Who wouldn’t want to accomplish more in the limited amount of time that we have? I think we would. But, since we’re only given 24-hours a day, the only way that’s possible is to manage our time and energy more efficiently.

Over the years, I’ve found the 4 D’s of time management to be the most useful in this area. For those unfamiliar, these are;

  • Do. These are either your top priorities or tasks that only eat up a couple of minutes, like responding to a client’s email.
  • Defer. For tasks that are important, but don’t require your attention right now, schedule these when you have availability.
  • Delegate. Here we have essential tasks that aren’t always worth your time, such as administrative tasks. They could also be tasks that aren’t in your wheelhouse, like coding.
  • Drop. Anything unnecessary should be deleted from your to-do list or calendar.

I think that this is pretty straightforward. However, delegation seems to trip a lot of people up. Maybe it’s because you’re unclear on your expectations or haven’t identified the right person for the correct job.

Regardless, learning how to effectively delegate is a vital skill that leaders need to perfect — whether you have an in-person or virtual team. Even if you’re flying solo, you might still have to outsource certain tasks to freelancers. So, with that in mind, the next time your delegate, utilize the 6 C’s to ensure that it will be a success.

1. Competence

“Match the person to the job,” advises Brian Tracy. “One of the great time wasters in the world of work is delegating the task to the wrong person.” All too often, tasks aren’t “delegated to a person who is not capable of doing it properly or getting it done on schedule.”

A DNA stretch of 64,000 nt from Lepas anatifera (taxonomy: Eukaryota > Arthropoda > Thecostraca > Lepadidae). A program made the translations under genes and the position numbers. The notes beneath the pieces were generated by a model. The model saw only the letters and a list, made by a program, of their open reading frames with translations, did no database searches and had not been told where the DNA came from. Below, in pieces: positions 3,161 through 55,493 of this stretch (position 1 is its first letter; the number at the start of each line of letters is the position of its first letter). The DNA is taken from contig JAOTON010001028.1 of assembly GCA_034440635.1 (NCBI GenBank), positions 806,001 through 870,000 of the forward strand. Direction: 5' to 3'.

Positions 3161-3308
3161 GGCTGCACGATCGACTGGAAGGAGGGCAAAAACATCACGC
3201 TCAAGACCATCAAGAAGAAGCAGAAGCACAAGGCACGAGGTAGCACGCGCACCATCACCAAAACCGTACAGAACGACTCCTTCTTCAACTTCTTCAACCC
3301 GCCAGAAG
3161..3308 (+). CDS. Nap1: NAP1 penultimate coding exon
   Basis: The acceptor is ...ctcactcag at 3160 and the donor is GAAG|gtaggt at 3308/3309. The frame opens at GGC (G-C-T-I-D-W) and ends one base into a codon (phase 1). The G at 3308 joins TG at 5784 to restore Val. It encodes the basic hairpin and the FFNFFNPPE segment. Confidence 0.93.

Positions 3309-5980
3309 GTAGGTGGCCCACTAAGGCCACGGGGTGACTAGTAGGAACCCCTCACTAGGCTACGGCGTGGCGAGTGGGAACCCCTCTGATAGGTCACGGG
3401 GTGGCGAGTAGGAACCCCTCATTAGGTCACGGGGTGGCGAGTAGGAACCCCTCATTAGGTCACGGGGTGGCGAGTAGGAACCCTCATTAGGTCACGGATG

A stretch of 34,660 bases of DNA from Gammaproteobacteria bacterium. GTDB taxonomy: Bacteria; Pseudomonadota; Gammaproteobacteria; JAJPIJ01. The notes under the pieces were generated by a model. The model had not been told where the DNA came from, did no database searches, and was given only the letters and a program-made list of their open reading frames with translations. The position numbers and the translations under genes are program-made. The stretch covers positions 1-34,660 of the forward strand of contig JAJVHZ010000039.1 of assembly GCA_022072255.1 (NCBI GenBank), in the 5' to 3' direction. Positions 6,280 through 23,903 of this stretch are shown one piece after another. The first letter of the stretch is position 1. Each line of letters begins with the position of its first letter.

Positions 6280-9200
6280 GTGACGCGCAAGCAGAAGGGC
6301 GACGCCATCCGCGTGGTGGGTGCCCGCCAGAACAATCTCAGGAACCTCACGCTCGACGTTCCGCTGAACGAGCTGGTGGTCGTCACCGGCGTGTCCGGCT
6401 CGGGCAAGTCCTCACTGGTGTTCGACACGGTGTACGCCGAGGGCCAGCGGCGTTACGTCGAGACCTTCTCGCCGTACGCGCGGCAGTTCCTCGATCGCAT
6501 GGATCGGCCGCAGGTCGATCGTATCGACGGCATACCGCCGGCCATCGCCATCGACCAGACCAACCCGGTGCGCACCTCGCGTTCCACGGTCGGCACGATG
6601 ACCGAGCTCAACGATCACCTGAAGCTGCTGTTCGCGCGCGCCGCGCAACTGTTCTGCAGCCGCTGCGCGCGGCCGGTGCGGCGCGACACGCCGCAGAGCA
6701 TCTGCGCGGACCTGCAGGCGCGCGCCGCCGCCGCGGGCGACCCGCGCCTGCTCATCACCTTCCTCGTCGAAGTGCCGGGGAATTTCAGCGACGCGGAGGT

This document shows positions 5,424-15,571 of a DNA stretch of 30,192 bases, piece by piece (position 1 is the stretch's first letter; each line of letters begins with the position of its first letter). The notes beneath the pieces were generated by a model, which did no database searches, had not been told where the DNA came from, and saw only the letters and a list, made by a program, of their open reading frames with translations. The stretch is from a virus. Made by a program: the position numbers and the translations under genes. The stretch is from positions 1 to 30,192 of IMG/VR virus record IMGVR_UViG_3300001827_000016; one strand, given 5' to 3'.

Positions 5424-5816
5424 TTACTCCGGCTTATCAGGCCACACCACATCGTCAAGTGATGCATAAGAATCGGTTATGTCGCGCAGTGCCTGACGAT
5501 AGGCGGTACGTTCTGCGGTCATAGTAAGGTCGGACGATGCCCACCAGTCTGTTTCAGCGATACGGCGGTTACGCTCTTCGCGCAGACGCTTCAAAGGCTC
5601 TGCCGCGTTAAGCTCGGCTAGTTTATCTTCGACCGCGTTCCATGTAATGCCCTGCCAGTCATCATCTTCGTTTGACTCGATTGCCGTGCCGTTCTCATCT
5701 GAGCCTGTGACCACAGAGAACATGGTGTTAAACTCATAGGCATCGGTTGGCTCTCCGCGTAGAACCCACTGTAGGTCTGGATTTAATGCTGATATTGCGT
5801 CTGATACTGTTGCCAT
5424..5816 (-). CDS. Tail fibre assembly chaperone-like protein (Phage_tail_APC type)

“The only accurate predictor of future performance is past performance,” Tracy adds. “The rule is that you never delegate an important task to a person who has not performed that task satisfactorily in the past.” It’s unfair to everyone involved “to expect a person who has not done a job before to perform at a sufficient level of quality when they are given the job for the first time.”

While Tracy is spot-on, I’m also a firm believer in giving people a chance to take on new responsibilities. It kind of reminds me of when you’re applying for a new job right out of college. You see an ad, but the employer wants someone with experience. But, how can you gain this know-how when you’re a newbie?

I wouldn’t exactly advise a “sink-or-swim” approach. But, take time to get to know each team member, such as through 1:1s. You might discover that they have a hidden talent or the motivation to broaden their horizons. From there, you could offer training or mentorship opportunities for them to enhance their competence.

2. Clarity

Think back to when you were a kid. How would you react if your parent’s dumped a pile of Legos on the table and asked you to build a helicopter? The best part about Legos was that you could let your imagination run free. But, in this case, your creation probably wouldn’t resemble your parent’s expectation of a helicopter.

The same is true when it comes to delegating tasks to others.

“You’ve got to have real clarity of objective,” says Harvard Business School Professor Kevin Sharer in the online Management Essentials course. At the minimum, this should include an alignment of “what does good look like,” timeline, and “the technique of measuring accomplishment.” You should also consider discussing necessities like protocols, resource requirements, and sensitivities.

3. Confidence

While there are times when micromanagement is required, that shouldn’t be the norm. In fact, if you’ve chosen the right people and provided clarity, then you can hand the ball off them and watch from the sidelines.

In my opinion, this is delegation at its finest. You can focus on your priorities while knowing that the task you’ve assigned is in good hands. What’s more, because you’re not micromanaging your team members, this builds trust while building up their self-esteem and motivation.